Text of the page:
To the best of my knowledge, this study demonstrates for the first time small, apparently dormant micrometastasis in the liver of patients with uveal melanoma.
To evaluate the histological and immunohistochemical findings in metastatic uveal melanoma to the liver.
Samples of liver were obtained at autopsy from patients who died of metastatic uveal melanoma to the liver.
L. F. Montgomery Laboratory, Emory Eye Center, Atlanta, Georgia.
A total of 10 patients who died of metastatic uveal melanoma to the liver.
Sections of the liver were examined with hematoxylin-eosin, periodic acid–Schiff, Masson trichrome, or reticulin stains.
Main Outcome Measures
The tumors' morphology, growth pattern, mean vascular density, and mitotic index were determined with the aid of immunohistochemical stains for S100, HMB45, CD31, and Ki67.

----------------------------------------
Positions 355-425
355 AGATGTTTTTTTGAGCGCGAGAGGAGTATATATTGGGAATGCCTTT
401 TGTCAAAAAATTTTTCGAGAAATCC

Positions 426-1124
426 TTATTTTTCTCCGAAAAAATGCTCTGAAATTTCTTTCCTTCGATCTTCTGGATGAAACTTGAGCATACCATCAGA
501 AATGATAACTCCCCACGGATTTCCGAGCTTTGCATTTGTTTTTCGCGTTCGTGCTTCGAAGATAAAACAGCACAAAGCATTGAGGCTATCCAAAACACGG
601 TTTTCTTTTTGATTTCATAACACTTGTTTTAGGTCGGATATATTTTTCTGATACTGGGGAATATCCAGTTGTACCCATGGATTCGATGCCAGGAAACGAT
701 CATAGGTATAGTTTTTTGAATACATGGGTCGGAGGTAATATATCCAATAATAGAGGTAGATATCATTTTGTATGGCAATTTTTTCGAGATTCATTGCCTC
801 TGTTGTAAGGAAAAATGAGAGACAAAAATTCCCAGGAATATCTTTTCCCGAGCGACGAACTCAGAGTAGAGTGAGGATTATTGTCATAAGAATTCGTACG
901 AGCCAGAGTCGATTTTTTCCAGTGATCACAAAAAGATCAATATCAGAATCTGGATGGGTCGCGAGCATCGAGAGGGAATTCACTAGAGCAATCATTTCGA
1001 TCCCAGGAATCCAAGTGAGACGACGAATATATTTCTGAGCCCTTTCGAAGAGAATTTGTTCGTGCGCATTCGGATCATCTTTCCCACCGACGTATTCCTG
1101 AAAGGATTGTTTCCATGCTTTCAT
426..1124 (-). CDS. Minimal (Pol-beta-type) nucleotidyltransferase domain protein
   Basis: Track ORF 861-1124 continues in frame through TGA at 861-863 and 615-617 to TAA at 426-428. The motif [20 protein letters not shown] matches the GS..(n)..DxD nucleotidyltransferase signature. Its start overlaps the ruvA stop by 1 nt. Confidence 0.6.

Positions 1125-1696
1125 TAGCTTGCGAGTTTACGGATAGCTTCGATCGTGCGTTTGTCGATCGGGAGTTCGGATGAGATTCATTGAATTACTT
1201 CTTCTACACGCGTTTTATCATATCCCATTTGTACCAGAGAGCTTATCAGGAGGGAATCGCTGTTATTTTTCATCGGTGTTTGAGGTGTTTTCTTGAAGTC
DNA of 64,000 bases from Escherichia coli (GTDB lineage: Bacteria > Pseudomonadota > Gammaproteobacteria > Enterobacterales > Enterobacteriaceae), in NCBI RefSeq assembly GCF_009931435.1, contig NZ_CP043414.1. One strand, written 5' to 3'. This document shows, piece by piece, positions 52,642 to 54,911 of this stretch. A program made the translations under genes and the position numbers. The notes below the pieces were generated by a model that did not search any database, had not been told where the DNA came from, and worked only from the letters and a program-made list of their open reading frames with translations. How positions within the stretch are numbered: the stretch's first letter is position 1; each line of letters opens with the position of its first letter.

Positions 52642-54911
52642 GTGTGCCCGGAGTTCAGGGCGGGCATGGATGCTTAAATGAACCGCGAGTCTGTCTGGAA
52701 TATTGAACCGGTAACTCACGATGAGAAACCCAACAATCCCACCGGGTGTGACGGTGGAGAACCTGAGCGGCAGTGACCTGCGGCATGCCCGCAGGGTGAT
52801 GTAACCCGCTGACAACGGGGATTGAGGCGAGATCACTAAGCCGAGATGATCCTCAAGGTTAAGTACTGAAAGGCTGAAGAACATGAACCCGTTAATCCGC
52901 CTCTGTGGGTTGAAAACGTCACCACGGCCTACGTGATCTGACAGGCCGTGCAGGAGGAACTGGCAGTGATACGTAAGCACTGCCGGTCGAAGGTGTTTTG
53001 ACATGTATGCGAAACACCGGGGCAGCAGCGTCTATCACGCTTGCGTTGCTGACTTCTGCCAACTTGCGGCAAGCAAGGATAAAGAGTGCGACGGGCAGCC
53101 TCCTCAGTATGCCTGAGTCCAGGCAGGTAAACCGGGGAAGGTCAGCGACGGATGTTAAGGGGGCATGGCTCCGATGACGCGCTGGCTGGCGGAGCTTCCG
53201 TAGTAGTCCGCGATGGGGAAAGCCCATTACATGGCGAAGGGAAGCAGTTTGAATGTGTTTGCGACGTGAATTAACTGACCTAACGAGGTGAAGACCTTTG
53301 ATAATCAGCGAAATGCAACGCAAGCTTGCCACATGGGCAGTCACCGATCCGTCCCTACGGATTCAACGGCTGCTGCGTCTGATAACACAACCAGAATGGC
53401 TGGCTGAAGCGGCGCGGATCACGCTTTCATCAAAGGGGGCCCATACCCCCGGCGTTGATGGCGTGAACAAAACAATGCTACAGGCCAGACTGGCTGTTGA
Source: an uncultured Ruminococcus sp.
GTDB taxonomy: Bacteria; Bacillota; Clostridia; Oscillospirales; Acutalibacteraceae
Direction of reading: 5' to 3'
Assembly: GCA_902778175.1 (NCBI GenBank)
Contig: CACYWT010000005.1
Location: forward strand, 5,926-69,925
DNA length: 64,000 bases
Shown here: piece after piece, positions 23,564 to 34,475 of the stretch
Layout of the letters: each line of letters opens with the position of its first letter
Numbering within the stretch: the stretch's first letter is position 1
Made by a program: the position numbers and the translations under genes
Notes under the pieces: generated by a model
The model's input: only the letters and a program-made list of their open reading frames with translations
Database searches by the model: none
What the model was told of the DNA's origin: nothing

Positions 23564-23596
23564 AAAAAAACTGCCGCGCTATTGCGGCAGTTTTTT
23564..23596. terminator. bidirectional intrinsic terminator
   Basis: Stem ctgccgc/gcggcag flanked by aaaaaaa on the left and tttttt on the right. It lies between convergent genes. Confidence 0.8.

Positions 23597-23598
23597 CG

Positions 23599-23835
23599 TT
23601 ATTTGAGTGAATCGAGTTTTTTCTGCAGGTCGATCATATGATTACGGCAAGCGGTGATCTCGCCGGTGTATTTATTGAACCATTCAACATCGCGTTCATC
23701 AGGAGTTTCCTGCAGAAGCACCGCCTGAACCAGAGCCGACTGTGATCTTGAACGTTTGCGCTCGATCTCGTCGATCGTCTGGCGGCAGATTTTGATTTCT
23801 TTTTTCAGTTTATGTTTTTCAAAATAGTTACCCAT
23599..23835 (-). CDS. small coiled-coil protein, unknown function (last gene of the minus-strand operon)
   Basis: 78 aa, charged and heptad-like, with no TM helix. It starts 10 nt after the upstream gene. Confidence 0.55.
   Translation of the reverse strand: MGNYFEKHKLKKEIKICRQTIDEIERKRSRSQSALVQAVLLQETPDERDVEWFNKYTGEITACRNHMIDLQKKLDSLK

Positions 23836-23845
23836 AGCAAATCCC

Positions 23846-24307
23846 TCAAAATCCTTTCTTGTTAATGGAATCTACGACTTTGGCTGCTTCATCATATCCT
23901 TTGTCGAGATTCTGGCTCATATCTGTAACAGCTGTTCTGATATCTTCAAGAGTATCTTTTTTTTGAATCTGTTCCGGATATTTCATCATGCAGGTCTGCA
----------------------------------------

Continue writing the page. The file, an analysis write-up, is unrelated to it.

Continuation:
Stage 1 metastases (defined as tumor clusters ≤50 μm in diameter) were identified in the sinusoidal spaces of 9 of 10 patients (90%). Stage 1 metastases were avascular and lacked mitotic activity. Stage 2 metastases (defined as tumors measuring 51-500 μm in diameter) and stage 3 metastases (defined as tumors measuring >500 μm in diameter) were found in all patients. Immunohistochemical stains were positive for S100 or HMB45 in all tumors. Overall, stage 1 metastases outnumbered stage 2 metastases (which outnumbered stage 3 metastases). The mean vascular density and mitotic index increased from stage 2 to stage 3 metastases (P < .05). The architecture of stage 2 metastases mimicked the surrounding hepatic parenchyma, whereas stage 3 metastases exhibited either lobular or portal growth patterns.
Uveal melanoma that spreads to the liver can be categorized as stage 1 (≤50 μm in diameter), stage 2 (51-500 μm in diameter), or stage 3 (>500 μm in diameter) metastases. The later stage exhibits a lobular or portal pattern of growth. During this progression, tumors become vascularized and mitotically active.